Difference Between HELOC Vs Reverse Mortgage Vs Flip Loans
HELOC loans are normally taken for construction. For instance, you get approval for $100,000 and get a withdrawal period of 5 years and then you can withdraw any amount within the approved amount any time. You will pay interest, only for the amount you withdraw. After the withdrawal period, you start paying back with principle and interest. It is not very same as credit card because it is secured.
Reverse mortgages have a different purpose compared to normal forward mortgages. With a forward mortgage, the borrower’s income is used to repay debt and this builds up equity in the home. But with a reverse mortgage, the borrower takes the equity out in cash. So with a reverse mortgage:
• the debt increases; and
• the home equity decreases.
It's just the opposite, or reverse, of a forward mortgage. With a reverse mortgage, the lender sends you cash and you make no repayments. So the amount you owe (your debt) gets larger as you get more and more cash and more interest is added to your loan balance. As your debt grows, your equity shrinks, unless your home's value is growing at a high rate.
When a reverse mortgage becomes due and payable, you may owe a lot of money and your equity may be very small. If you have the loan for a long time, or if your home's value decreases, there may not be any equity left at the end of the loan.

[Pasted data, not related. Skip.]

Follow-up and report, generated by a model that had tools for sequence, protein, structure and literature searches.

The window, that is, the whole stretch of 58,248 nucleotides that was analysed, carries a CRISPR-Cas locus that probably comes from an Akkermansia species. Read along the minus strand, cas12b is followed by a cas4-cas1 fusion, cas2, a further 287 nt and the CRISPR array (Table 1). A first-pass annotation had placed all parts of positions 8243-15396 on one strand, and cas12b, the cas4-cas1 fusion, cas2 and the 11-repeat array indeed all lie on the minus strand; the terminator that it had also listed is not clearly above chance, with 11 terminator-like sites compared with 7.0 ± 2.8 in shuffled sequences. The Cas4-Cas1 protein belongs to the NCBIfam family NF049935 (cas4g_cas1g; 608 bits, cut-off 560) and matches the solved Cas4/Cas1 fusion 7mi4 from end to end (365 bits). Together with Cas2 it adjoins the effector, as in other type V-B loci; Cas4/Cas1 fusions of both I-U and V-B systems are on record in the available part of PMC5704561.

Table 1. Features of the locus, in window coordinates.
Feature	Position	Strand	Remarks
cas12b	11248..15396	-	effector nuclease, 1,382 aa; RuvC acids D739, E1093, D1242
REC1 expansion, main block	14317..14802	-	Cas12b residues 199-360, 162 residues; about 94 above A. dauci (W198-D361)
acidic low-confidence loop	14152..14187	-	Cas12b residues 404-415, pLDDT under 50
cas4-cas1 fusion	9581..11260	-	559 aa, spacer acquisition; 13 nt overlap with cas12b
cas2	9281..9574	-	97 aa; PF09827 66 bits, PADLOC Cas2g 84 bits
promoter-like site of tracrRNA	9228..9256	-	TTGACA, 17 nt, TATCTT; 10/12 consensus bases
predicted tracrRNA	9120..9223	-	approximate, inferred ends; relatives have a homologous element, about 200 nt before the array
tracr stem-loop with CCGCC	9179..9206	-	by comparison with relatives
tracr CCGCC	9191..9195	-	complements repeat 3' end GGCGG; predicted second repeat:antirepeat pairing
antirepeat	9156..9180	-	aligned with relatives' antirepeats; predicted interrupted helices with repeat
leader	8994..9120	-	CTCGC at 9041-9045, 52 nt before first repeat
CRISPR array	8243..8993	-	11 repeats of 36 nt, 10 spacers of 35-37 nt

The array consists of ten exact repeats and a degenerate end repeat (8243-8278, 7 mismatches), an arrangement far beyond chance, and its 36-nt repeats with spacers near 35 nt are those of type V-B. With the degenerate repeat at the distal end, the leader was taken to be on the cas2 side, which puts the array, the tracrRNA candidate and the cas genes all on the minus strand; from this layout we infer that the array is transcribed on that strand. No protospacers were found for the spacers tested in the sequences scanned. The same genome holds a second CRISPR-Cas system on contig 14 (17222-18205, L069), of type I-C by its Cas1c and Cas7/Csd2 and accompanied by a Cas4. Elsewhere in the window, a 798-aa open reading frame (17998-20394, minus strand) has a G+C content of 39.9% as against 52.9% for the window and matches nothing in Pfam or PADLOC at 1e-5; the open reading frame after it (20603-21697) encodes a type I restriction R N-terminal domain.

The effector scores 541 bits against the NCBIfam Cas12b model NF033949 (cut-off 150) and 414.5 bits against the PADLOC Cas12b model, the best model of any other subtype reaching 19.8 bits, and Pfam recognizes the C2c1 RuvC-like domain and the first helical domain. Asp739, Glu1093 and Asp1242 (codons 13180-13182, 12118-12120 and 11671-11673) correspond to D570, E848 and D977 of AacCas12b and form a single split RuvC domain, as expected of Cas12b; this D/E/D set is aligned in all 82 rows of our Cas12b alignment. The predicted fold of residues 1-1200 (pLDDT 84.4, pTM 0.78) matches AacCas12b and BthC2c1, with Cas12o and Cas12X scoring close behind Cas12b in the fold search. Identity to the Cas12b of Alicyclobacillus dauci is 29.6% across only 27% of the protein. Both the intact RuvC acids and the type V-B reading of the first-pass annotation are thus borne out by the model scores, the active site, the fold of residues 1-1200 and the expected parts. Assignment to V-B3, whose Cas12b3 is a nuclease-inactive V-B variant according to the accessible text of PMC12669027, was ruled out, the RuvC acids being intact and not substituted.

In short, a reverse mortgage is a "rising debt, falling equity" type of deal.
Flip loans are a type of financing that is used when a borrower is able to obtain a property at an unusually low price with the intent of fixing up the property. Then, within a few months, the property is sold at a fair market price. Many lenders will not do this type of loan because of the short period of time it will be serviced, so most of the people who go for flip loans, normally sell their house in a few years. They normally blow up the price citing the improvements they have made to the house and sell it in the market at double the rate at what they bought. This is normally known as flipping and is considered as fraud under US government. We can normally call it flip sales.
Now you must be wondering if it is considered as a fraud, does it mean that they don’t fall under the governance of Freddie Mac and Fannie Mae? For your information, Fannie Mae covers this types of loans under the category property flipping. To avoid such fraud activities, Fannie makes sure that as part of the loan origination process, it is critical for the lender to analyze and review the sale(s) of the subject property and the sale price trend in relation to the appraiser’s opinion of value to confirm that they are reasonable and representative of the market. They also assess the accuracy of their data sources. Else Fannie Mae will not buy such loans. Lender would do a case-by-case analysis before funding to make sure there is no appraisal fraud or straw buyer (a person who buys on behalf of somebody else); otherwise, they will decline.
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